KINGSTOWN, St. Vincent – Vincentian consumers have again this week taken to the airwaves venting their anger about the portion of their electricity bills that result from the fuel surcharge.
Their anger comes two weeks after an opposition legislator and former executive at the state-owned VINLEC, the nation’s sole commercial provider of electricity, told Parliament that the surcharge is “out-dated”.
“We are seeking for an improvement in an important matter here — energy cost and electricity cost — not just for domestic consumers but for our competitiveness and the Prime Minister assumed in the question that my interest is seeing the fuel surcharge go down. And that is precisely what I am arguing against,” Central Kingstown representative St. Clair Leacock told Parliament on May 31.
Leacock’s comments came after Prime Minister Dr. Ralph Gonsalves provided and contextualised data on the average fuel surcharge cost each decade since 1973.
“The argument is that the mechanism is out-dated. It is obvious that you must recover your fuel cost, period. And my argument, while I am going through this exercise, is to prove that we are looking in the wrong place for a solution to the electricity problem,” Leacock said.
“Mr. Speaker and as the Prime Minister is signalling that he appreciates, these questions are designed to assist in seeing whether we can have a reduction in electricity cost and whether our approach is the right one,” Leacock further said, noting that the fuel surcharge was introduced in 1973 as a result of the fuel prices.
He wanted Gonsalves to tell legislators what was the average cost of fuel to VINLEC in 1973 compared to 2011, the average monthly fuel surcharge in 1973, 1983, 2003, and 2011, and the average monthly fuel consumption for each of those years.
In 1974, consumers paid an average of 1.51 cents per kilowatt-hour as fuel surcharge per month. They paid 15.18 cents per kilowatt-hour per month in 1983, 8.56 cent in 1993, 16.24 cents in 2003, 46.73 cents in 2011 and, 52.73 cents in March 2012, Gonsalves said.
The surcharge kilowatt-hour per month in 1990 was 9.42 cents, 16.42 cents in 2000, 36.76 cents in 2010, and 46.70 cents in 2011, he further stated.
Meanwhile, VINLEC used an average of 435,350 gallons of fuel per month in 2003, 513,898 gallons per month in 20011, and 545,262 gallons per month in 2012. Data for 1974, 1983, and 1993 were unavailable, Gonsalves said.
Meanwhile, on average, VINLEC paid EC$14.4 million per month for fuel in 2000, EC$46.1 million per month in 2010, and EC$58.69 million per month in 2011.
“When people tell me that you mustn’t pay the fuel surcharge, where are you going to get EC$58.69 million from to run the electricity company?
“… Mr. Speaker, it goes without saying that the fuel surcharge increased over the years,” Gonsalves said.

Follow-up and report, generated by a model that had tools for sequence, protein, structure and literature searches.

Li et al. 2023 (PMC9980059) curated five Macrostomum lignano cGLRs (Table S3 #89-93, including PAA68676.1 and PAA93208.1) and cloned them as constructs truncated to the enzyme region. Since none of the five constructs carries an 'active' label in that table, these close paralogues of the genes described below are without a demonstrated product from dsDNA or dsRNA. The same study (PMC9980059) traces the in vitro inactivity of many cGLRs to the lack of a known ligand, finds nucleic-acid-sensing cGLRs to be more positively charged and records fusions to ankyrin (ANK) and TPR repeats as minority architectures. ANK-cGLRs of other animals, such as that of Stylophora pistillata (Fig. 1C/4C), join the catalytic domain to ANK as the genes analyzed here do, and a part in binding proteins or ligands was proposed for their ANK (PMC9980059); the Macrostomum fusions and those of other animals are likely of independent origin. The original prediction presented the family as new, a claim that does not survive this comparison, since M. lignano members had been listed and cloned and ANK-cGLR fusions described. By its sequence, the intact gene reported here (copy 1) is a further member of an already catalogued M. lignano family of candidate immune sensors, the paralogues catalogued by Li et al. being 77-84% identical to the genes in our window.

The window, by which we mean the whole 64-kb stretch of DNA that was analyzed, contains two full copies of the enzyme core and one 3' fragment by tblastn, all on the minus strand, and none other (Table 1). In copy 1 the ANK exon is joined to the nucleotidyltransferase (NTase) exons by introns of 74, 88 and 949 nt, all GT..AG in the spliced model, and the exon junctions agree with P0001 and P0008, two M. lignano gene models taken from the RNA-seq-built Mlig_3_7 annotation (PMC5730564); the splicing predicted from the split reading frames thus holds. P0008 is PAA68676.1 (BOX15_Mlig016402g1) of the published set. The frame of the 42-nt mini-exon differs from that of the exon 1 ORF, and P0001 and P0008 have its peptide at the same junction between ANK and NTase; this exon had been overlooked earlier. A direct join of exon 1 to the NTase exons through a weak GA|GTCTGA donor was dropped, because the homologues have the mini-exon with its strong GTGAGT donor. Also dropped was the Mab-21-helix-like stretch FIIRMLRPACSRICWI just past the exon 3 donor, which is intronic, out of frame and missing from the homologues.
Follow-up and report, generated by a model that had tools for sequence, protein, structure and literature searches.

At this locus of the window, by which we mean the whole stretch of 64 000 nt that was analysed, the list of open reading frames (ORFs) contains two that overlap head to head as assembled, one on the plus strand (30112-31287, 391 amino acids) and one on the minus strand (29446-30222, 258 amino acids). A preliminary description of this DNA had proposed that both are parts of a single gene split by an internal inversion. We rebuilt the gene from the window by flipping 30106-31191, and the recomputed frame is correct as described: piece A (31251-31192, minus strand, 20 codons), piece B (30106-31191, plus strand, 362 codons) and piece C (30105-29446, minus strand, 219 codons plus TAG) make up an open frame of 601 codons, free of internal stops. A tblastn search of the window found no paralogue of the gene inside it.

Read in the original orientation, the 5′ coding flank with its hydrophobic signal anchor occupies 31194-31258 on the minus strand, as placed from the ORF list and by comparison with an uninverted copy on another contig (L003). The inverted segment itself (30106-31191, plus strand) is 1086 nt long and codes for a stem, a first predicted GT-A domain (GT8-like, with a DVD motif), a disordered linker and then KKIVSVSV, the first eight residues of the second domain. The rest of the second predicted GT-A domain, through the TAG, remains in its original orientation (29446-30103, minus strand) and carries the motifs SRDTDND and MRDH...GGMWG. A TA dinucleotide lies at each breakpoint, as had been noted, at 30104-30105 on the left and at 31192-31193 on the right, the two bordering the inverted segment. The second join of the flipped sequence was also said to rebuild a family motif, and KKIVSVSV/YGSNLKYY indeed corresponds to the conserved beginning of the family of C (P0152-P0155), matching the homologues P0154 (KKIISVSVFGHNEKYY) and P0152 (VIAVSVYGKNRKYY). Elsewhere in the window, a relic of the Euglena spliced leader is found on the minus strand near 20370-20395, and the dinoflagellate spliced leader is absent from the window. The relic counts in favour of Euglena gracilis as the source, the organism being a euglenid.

“But that doesn’t help us except one wants to make the mischief to say, ‘Well the average monthly fuel surcharge in 1974 was 1.51 cents per kilowatt hour and in March 2012 it was 52.73 cents per kilowatt hour’ so that you can get a headline saying ‘Murder! Advantage!” Gonsalves further said.
He said that context is important in understanding the fuel surcharge.
According to him, a domestic consumer using 100 units of electricity per month in 1990 paid VINLEC an average of EC$59.42. Such a consumer paid VINCLE an average of EC$96.70 per month for the same amount of electricity in 2011, an increase of EC$37.28 that goes directly to paying for the fuel used.
Gonsalves said that in both 1990 and 2011, VINLEC received EC$50 of those amount to cover its operational cost, with the remainder going to the fuel supplier.
“But, in the second case — in 2011 — instead of EC$9.42 going to pay the cost of fuel, EC$46.70 would have gone to pay for the cost of fuel. So, the surcharge is related to the cost of the fuel,” Gonsalves said.
Domestic consumers continue to pay VINLEC the same amount to run its operation while commercial customers pay less, Gonsalves noted.
“And Mr. Speaker, I want to make this bold statement here. VINLEC has lowered the cost of the basic component of the electricity cost to consumers. But this has been eroded because of the increasing fuel surcharge over which we do not have the control because of the increased fuel prices.
“The fact is this: If oil prices were the same in 2012 as they were in 1990, electricity consumers in St. Vincent and the Grenadines would have been paying basically the same figure for electricity,” Gonsalves said, noting that this is an oil-importing country.
All electricity companies have mechanism to address the issue of rising electricity cost, Gonsalves said, adding, “And the one which has been established here is the fuel surcharge mechanism, which is not unreasonable, it is not unfair.”
Gonsalves said that to try to help consumers, his government has reduced the minimum charge on domestic consumers, eliminated the demand charge to commercial and industrial consumers, reduced basic electricity rates in 2011 to commercial and industrial consumers, and reduced rates in hotel sector from 2008 to December 2010, as a buffer against the global financial meltdown.
Further, the government pays VINLEC a subsidy to cover the surcharge for poor and vulnerable homeowners and offers volume discounted electricity rate to commercial and industrial consumers.
“The policy of the government is to deliver a very efficient electricity system at the cheapest possible cost that we can do it,” Gonsalves said.